The study of fossil reptiles led to his demonstrating the fundamental affinity of birds and reptiles, which he united under the title of Sauropsida. His papers on Archaeopteryx and the origin of birds were of great interest then and still are.[15][27][28]

Apart from his interest in persuading the world that man was a primate, and had descended from the same stock as the apes, Huxley did little work on mammals, with one exception. On his tour of America Huxley was shown the remarkable series of fossil horses, discovered by O. C. Marsh, in Yale's Peabody Museum.[29][30] Marsh was part palaeontologist, part robber baron, a man who had hunted buffalo and met Red Cloud (in 1874). Funded by his uncle George Peabody, Marsh had made the discoveries of the Cretaceous aquatic bird Hesperornis, and the dinosaur footprints along the Connecticut River.

Huxley's sketch of then hypothetical five-toed Eohippus being ridden by "Eohomo"

The collection at that time went from the small four-toed forest-dwelling Orohippus from the Eocene through three-toed species such as Miohippus to species more like the modern horse. By looking at their teeth he could see that, as the size grew larger and the toes reduced, the teeth changed from those of a browser to those of a grazer. All such changes could be explained by a general alteration in habitat from forest to grassland. And, we now know, that is what did happen over large areas of North America from the Eocene to the Pleistocene: the ultimate causative agent was global temperature reduction (see Paleocene-Eocene thermal maximum). The modern account of the evolution of the horse has many other members, and the overall appearance of the tree of descent is more like a bush than a straight line. The experience resulted in Huxley giving credence to Darwin's gradualism, and introducing the story of the horse into his lecture series.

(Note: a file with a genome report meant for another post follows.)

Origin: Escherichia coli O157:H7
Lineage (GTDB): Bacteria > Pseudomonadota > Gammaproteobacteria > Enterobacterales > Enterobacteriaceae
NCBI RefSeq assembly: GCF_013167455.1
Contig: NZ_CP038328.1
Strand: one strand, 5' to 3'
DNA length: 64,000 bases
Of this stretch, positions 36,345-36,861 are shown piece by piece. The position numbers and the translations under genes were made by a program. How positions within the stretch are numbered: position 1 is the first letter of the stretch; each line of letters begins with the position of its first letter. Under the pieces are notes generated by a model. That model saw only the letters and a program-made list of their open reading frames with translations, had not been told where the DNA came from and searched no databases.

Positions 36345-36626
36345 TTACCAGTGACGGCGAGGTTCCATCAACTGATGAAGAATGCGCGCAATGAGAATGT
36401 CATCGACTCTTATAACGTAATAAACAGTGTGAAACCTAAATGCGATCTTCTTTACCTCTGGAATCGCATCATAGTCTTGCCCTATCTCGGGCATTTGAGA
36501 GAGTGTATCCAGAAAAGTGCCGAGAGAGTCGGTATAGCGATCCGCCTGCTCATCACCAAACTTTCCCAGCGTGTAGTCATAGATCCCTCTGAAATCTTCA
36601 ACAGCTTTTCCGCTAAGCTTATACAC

Darwin's bulldog[edit]

The frontispiece to Huxley's Evidence as to Man's Place in Nature (1863): the image compares the skeletons of apes to humans. The gibbon (left) is double size.

Huxley was originally not convinced by arguments in favor of evolution. Huxley had also rejected Lamarck's theory of transmutation, on the basis that there was insufficient evidence to support it. All this skepticism was brought together in a lecture to the Royal Institution,[31] which made Darwin anxious enough to set about an effort to change young Huxley's mind.

Huxley became one of the few who knew about Darwin's ideas before they were published. The first publication by Darwin of his ideas came when Wallace sent Darwin his paper on natural selection, which was presented by Lyell and Hooker to the Linnean Society in 1858 alongside excerpts from Darwin's notebook and a Darwin letter to Asa Gray.[32][33] Huxley's response to the idea of natural selection was "How extremely stupid not to have thought of that!"[34] However, the correctness of natural selection as the main mechanism for evolution was to lie permanently in Huxley's mental pending tray. He never conclusively made up his mind about it, though he did admit it was a hypothesis which was a good working basis.